Disruption of the in utero environment can have dire consequences on fetal growth and development. Intrauterine growth restriction (IUGR) is a pathological condition by which the fetus deviates from its expected growth trajectory, resulting in low birth weight and impaired organ function. The developmental origins of health and disease (DOHaD) postulates that IUGR has lifelong consequences on offspring well-being, as human studies have established an inverse relationship between birth weight and long-term metabolic health. While these trends are apparent in epidemiological data, animal studies have been essential in defining the molecular mechanisms that contribute to this relationship. One such mechanism is cellular stress, a prominent underlying cause of the metabolic syndrome. As such, this review considers the role of oxidative stress, mitochondrial dysfunction, endoplasmic reticulum (ER) stress, and inflammation in the pathogenesis of metabolic disease in IUGR offspring. In addition, we summarize how uncontrolled cellular stress can lead to programmed cell death within the metabolic organs of IUGR offspring.
REVIEW | doi:10.20944/preprints202105.0217.v1
Subject: Medicine And Pharmacology, Immunology And Allergy Keywords: stem cells; retinal diseases; optic nerve diseases; cell replacement; cell sources
Online: 10 May 2021 (15:34:07 CEST)
The aim of this review was to provide an update on the potential of cell therapies to restore or replace damaged and/or lost cells in retinal degenerative and optic nerve diseases, describing the available cell sources and the challenges involved in such treatments when these techniques are applied in real clinical practice. Sources include human fetal retinal stem cells, allogenic cadaveric human cells, adult hippocampal neural stem cells, human CNS stem cells, ciliary pigmented epithelial cells, limbal stem cells, retinal progenitor cells (RPCs), human pluripotent stem cells (PSCs) (including both human embryonic stem cells (ESCs) and human induced pluripotent stem cells (iPSCs)) and mesenchymal stem cells (MSCs). Of these, RPCs, PSCs and MSCs have already entered early-stage clinical trials since they can all differentiate into RPE, photoreceptors or ganglion cells, and have demonstrated safety, while showing some indicators of efficacy. Stem/progenitor cell therapies for retinal diseases still have some drawbacks, such as the inhibition of proliferation and/or differentiation in vitro (with the exception of RPE) and the limited long-term survival and functioning of grafts in vivo. Some other issues remain to be solved concerning the clinical translation of cell-based therapy, including (1) the ability to enrich for specific retinal subtypes; (2) cell survival; (3) cell delivery, which may need to incorporate a scaffold to induce correct cell polarization, which increases the size of the retinotomy in surgery and, therefore, the chance of severe complications; (4) the need to induce retinal detachment to perform the subretinal placement of the transplanted cell; and (5) the evaluation of the risk of tumor formation caused by the undifferentiated stem cells and prolific progenitor cells. Despite these challenges, stem/progenitor cells represent the most promising strategy for retinal and optic nerve disease treatment in the near future, and therapeutics assisted by gene techniques, neuroprotective compounds and artificial devices can be applied to fulfil clinical needs.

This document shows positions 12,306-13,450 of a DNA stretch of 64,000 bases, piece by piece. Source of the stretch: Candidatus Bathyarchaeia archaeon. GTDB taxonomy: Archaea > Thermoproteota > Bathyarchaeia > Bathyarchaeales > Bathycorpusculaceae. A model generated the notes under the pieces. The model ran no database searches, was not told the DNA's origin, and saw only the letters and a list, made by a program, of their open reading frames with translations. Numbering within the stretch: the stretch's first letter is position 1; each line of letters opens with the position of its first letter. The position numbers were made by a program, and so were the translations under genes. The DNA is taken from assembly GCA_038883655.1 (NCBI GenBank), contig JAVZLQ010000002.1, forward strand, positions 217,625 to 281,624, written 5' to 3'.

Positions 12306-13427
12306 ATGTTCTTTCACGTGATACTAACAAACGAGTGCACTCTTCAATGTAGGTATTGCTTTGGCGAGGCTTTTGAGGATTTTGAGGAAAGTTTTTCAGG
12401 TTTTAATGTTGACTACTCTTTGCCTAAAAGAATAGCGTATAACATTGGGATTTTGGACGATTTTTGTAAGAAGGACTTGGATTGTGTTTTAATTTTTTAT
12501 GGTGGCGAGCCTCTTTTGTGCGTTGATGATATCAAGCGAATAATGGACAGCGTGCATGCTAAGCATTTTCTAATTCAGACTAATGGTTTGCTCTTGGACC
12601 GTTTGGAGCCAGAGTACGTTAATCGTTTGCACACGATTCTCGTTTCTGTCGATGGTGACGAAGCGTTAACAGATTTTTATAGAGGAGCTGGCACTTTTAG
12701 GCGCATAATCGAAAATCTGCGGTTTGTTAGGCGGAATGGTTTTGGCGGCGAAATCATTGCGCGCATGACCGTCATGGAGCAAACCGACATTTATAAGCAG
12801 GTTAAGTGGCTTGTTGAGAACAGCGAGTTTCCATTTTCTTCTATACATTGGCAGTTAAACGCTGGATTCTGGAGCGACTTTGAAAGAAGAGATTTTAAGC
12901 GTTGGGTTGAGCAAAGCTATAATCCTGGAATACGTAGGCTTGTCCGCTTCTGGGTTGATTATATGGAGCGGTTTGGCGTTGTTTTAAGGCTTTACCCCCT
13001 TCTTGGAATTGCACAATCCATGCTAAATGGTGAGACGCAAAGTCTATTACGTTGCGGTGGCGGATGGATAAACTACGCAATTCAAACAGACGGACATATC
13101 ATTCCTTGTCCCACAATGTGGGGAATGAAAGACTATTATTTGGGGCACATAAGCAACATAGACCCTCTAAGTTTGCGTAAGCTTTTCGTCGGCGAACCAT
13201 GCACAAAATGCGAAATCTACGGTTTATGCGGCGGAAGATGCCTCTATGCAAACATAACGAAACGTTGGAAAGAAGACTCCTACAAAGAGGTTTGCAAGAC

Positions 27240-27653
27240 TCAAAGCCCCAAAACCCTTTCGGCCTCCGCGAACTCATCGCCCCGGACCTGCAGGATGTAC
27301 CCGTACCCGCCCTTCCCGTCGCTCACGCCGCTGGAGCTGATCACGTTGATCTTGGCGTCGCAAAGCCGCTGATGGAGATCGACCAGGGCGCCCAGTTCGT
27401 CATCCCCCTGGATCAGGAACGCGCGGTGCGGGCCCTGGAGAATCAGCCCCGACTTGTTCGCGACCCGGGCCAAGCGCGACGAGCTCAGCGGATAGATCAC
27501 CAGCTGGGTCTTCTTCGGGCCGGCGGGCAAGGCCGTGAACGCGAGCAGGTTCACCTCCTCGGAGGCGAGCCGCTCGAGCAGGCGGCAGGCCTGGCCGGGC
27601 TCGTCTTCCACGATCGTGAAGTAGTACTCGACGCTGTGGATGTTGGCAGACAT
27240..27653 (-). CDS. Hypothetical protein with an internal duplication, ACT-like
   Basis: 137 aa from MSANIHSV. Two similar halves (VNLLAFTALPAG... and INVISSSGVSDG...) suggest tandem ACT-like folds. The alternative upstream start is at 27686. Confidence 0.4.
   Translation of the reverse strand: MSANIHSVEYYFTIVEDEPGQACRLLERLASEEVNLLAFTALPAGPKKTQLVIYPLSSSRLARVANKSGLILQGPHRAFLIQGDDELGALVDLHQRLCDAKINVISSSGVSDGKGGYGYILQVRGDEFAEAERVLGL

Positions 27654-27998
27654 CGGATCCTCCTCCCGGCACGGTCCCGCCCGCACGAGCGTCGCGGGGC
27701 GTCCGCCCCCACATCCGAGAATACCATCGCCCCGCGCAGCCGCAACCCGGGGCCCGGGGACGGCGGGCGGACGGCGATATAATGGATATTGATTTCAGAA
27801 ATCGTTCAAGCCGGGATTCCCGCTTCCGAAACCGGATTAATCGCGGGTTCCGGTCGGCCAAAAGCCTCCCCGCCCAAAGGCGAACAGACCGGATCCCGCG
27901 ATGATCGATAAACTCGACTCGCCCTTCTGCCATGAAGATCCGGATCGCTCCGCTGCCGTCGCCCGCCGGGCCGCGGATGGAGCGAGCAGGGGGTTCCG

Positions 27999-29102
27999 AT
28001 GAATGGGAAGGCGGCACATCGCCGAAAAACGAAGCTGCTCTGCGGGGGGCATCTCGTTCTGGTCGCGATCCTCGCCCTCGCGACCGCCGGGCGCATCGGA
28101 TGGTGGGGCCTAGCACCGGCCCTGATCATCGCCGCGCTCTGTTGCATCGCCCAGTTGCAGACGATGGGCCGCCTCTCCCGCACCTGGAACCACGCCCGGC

REVIEW | doi:10.20944/preprints202011.0034.v1
Subject: Biology And Life Sciences, Biochemistry And Molecular Biology Keywords: cell signaling; signaling pathways; single-cell sequencing; immunotherapy; hallmarks cancer; cancer
Online: 2 November 2020 (11:28:51 CET)
Cancer is the second leading cause of death worldwide. It is theorized that underlying genetic and epigenetic changes enable cells to proliferate out of control by escaping regulatory mechanisms. Although traditional molecular profiling techniques, i.e., bulk sequencing, can identify common mutations and gene expression patterns in cancer cells, they cannot detect tumour heterogeneity. However, single-cell technology has provided an ample opportunity to overcome this difficulty. Since this technology allows us to detect the heterogeneous properties of all cancer cells, this can further our knowledge of the signaling pathways in cancer cells. Indeed, single-cell transcriptomics technology has paved the road for identifying novel biomarkers and signaling pathways, which can serve as targets. This study aims to review the current knowledge about pathways involved in developing cancer cells and shed light on single-cell studies as promising therapeutic approaches.